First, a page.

Follow by Email

Wednesday, February 27, 2013

Dr Who Scarf

Doctor Who Scarf

Remember Tom Baker’s iconic Dr Who Scarf? Well I made it!

While trolling the internet for free knitting patterns, I managed to stumble across this gem from (who clearly state that the Dr Who Scarf patterns are the property of the BBC Worldwide Ltd and no infringement is intended or implied).  What a wonderful website!
Apparently there were a few different scarves, I only remember the ‘classic’ style that I’ve ended up making, otherwise known on the site as the Original or S12 pattern.
 I started knitting in October and now finished knitting at the end of January. Though there were some days where I didn’t get a chance to do any knitting due to the usual stuff like work, friends and family.

I know, I know I said I’d have those placemats and table runner finished and posted as my next blog, but you guessed it, I’ve been distracted once again.

In all fairness this is a nice portable project which meant that I got to work on it a lot more over the Christmas and New Year’s break while I was off out and about. Also I’ve decided to give this scarf to my little brother for his birthday which is the end of January, so I had to hurry up and finish it!

My brother and I used to watch Dr Who after school on the ABC’s The Afternoon Show, so he was pretty impressed when I told him I was making him the scarf.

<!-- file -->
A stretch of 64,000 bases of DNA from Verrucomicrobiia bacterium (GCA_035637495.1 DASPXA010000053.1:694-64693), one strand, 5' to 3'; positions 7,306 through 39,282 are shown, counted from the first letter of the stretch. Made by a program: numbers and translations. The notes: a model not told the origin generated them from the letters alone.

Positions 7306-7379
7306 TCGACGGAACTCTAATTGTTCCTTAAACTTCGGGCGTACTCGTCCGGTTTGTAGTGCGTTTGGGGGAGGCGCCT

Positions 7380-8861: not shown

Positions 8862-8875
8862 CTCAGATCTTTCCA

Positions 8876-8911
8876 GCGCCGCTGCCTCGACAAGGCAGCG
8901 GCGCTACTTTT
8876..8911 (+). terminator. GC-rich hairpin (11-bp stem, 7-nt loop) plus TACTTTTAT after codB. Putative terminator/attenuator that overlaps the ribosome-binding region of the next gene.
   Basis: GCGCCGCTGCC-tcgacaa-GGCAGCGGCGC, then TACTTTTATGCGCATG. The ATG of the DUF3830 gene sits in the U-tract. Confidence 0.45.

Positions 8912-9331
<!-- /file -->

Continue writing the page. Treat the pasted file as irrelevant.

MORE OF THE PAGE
As per the instructions from the site, I cast on 66 stitches and have knitted the scarf in garter stitch. All up I believe that the wool cost me just under $40 and I still have more than enough to make another scarf if I so desired…

To get the colours as close as possible to the original scarf I’ve had to resort to using some wool and others as acrylics. Unfortunately, as neither had the right colours for me to not have to mix and match. So it will be interesting how the scarf weathers in time, as I’m sure that sections of it will stretch differently.

 To knit the scarf, I’ve used my favourite green size 4 knitting needles, a pen, a notepad, a crochet hook (for tassel making) and various colours of wool.
 To ensure that I was up to the right colour at the right time I’ve kept a tally in a small notepad. The number in brackets behind the colour is what is required, and I’ve just tallied it off as I’ve gone. It saved me from having to continually load the pattern page on my smart phone.
 It’s taken a few solid hours just to neaten up the thread ends and stitch them back into the scarf. Hmmm, note to self, next time be kinder to myself and leave longer thread ends to work with (no matter how irritating they can be whilst actually still knitting) as it will make sewing the ends in so much easier! The instructions for how to make invisible joins were on the site, in the tips section.
To make the tassels I’ve had to consult with YouTube yet again, as I’d never made them before. The original scarf pattern calls for 12 tassels each end. I discovered I’m not a fan of making tassels, so I decided to make just enough that it would suit the scarf. So I ended up with 7 tassels each end, at approx. 2 inches apart.

The scarf is 12 inches or 31cm wide, 50 inches or 127.5cm long. Once the tassels were added it became 57 inches or 145cm long. Not metres and metres long, but it will stretch in time.


  1. Beautiful scarf,love the colours.You are an inspiration,it's time I take out my 1.5 knitting needles and make something,used to love to do this during my teen years.7instead of 12 tassels seems to be fine.

    It's time I think of what and research and what to make too.

    1. Thanks Penny!
      Can't wait to see what you whip up.